Protecting the world's most threatened rainforest and supporting sustainable cocoa production in Gola, Sierra Leone.
All standards ensure that:
there is a robust audit trail
carbon savings are additional to what would have happened anyway, known as ‘additionality’
carbon emissions are not just moved elsewhere, also known as ‘leakage’
carbon savings are sustained over time, preventing what we call ‘delayed emissions’
carbon reductions are only claimed once, preventing any double counting
Carbon offsetting has occasionally hit the headlines for the wrong reasons. That’s because it gives some big, polluting companies a way to pay for a coveted “carbon-neutral” status. Many have been quick to include this in their advertising, and slow to invest in sustainable ways to actually reduce their carbon impact. Offsetting is not a silver bullet. But the UN agrees that carbon offsetting can help to keep the global temperature rise below 2 degrees Celsius, the critical level of global warming before catastrophic climate impacts. It’s clear that offsetting should be part of a wider strategy to reduce emissions overall.
At Bulb, we’re on a mission to lower our members’ carbon impact. We supply 100% renewable electricity as standard. And we help people to actively reduce the amount of energy they use, by making products that are easy to understand and tools that are easy to engage with. For example, our app can show you how much energy you’re using, and when. This helps Bulb members (which includes businesses) to spot any spikes in their usage and identify new ways to save. Smart meters, Export payments and our EV Tariff are other ways we’re helping our members to lower their overall carbon impact.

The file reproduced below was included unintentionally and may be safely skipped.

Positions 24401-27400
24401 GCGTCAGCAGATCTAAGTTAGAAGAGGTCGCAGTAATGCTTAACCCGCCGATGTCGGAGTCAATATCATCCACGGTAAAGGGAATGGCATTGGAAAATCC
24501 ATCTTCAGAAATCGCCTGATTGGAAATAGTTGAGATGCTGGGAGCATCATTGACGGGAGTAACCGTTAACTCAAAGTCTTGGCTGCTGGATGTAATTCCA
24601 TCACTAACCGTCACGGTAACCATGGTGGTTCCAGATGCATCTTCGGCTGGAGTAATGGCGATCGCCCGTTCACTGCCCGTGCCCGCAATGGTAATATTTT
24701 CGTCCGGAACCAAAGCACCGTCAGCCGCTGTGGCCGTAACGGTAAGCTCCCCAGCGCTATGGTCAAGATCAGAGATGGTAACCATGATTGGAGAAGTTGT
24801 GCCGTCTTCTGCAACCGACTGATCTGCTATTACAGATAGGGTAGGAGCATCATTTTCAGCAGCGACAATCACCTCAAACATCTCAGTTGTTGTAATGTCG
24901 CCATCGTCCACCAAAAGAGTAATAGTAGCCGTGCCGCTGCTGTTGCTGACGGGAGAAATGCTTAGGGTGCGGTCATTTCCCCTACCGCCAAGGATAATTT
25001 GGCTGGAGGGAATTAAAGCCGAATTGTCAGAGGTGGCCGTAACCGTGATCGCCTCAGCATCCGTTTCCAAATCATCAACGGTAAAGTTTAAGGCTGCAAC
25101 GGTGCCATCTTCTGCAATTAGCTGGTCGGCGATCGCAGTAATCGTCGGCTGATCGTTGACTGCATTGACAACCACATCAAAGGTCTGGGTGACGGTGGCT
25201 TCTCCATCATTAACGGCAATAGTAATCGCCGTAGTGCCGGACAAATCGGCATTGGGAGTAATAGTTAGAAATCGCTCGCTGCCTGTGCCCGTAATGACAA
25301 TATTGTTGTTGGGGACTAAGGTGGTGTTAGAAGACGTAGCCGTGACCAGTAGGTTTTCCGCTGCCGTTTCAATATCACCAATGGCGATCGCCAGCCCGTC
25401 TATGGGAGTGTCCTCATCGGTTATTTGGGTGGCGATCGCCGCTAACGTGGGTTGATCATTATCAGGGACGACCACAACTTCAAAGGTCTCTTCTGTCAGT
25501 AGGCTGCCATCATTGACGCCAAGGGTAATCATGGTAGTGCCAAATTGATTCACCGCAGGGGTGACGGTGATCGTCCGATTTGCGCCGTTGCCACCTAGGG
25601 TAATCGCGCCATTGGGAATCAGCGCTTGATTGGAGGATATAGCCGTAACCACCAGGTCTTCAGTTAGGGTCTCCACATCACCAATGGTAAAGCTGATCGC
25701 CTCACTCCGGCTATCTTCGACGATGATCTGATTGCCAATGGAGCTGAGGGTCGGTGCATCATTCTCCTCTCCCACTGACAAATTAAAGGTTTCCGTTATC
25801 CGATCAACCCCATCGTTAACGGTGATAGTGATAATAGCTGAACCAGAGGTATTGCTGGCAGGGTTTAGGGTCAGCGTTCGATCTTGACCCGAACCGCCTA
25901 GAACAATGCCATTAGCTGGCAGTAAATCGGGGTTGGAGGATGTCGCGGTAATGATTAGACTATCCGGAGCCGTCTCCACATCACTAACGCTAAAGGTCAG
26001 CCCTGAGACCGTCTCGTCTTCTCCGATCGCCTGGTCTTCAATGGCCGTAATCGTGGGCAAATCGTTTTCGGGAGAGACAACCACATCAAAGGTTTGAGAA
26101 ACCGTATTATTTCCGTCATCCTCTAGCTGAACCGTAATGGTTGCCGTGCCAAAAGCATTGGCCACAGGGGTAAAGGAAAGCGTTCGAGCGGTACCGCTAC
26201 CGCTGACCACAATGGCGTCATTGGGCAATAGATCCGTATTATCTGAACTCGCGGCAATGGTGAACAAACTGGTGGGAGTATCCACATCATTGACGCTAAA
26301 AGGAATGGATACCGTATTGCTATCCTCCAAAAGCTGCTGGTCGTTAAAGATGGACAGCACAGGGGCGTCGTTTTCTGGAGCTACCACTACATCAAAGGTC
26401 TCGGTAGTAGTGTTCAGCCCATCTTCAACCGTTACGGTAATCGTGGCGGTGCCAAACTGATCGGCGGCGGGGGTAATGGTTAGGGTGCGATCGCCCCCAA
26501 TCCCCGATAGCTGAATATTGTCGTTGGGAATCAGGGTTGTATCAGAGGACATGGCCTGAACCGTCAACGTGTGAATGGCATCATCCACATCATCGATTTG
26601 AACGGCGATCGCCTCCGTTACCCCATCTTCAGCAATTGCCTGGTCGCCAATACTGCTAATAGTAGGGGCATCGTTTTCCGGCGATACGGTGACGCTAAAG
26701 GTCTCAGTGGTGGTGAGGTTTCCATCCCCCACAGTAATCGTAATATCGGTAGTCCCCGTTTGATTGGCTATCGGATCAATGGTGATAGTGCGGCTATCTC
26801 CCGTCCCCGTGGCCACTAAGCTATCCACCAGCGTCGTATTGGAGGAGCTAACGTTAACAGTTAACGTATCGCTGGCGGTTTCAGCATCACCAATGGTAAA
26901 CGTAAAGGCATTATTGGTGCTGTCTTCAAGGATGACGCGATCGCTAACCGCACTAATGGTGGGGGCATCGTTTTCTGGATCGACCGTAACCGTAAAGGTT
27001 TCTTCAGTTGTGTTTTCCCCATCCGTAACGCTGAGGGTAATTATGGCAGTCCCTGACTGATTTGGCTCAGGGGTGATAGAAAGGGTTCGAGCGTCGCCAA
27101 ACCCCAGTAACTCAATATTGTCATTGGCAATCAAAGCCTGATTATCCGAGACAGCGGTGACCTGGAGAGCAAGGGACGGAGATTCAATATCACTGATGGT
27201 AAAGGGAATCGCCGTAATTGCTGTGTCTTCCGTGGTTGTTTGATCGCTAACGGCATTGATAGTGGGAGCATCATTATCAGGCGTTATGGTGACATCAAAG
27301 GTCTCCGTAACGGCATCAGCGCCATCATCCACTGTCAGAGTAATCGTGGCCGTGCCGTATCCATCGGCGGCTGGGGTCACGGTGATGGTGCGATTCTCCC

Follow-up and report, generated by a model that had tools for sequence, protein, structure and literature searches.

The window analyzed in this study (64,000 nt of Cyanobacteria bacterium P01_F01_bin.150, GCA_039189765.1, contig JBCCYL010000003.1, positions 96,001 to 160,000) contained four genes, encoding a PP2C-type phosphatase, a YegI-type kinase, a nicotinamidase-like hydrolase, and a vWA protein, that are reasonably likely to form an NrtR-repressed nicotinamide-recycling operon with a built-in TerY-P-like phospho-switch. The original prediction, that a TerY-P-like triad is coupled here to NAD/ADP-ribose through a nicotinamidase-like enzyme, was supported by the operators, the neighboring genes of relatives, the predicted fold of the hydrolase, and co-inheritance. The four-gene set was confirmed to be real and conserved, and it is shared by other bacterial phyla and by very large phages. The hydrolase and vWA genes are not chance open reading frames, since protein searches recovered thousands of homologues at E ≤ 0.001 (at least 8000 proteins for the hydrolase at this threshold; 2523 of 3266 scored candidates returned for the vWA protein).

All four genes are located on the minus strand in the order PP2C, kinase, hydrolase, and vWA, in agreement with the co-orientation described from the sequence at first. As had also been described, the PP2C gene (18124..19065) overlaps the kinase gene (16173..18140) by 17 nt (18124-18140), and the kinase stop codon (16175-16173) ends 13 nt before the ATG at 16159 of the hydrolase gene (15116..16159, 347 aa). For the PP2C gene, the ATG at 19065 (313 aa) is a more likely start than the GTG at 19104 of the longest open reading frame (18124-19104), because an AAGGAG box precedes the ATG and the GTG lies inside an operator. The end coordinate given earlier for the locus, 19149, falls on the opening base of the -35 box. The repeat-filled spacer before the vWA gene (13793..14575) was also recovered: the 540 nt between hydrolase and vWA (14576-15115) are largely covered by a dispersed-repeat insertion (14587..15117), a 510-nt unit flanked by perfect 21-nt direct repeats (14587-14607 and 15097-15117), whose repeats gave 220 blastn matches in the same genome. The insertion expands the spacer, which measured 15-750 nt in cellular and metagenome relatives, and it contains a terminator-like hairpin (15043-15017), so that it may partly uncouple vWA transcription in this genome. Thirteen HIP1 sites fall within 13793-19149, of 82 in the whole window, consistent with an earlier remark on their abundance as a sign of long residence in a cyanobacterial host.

We’re also one of the biggest buyers of green gas for homes in the UK. When Bulb launched back in 2015, we bought less than 1% of the green gas available in the market. From April 2019 to March 2020, we bought more than 20% of all the green gas available in the UK.
We think it’s a positive action to take responsibility for the carbon emitted by our non-green gas (emissions we currently can’t avoid) by funding carbon reduction projects across the world, alongside working towards a net zero future. We also offset all of our own operations, so Bulb HQ is totally carbon neutral.
We know that offsetting carbon emissions alone will not solve climate change. But the world doesn't have time for us to find a perfect answer before we start. At Bulb HQ, we’ll keep looking for opportunities to reduce the climate impact of our members and ourselves.
The rights and inclusion of indigenous and local people are at the centre of successful project implementation, and our partner considers these aspects thoroughly during their due diligence process. REDD projects work with those in poorer communities with the goal of supporting them to live sustainably within their home environment and to provide them with opportunities for improving their livelihoods, while maintaining their forest’s resources.
REDD projects are built upon the principle that keeping the forest standing should be financially sustainable – for its value to local communities and the world in its entirety. In doing so it sets out to tackle the causes of deforestation, providing an alternative to activities such as logging, conversion to agriculture and mining.
You can set up a monthly Direct Debit to offset your CO2e through Bulb and our partnership with EcoAct. The average UK footprint costs about £6.20 a month to offset. Yours may be smaller if, say, you've switched to green energy. Or bigger, if you fly loads. Your money funds projects reducing carbon emissions around the world.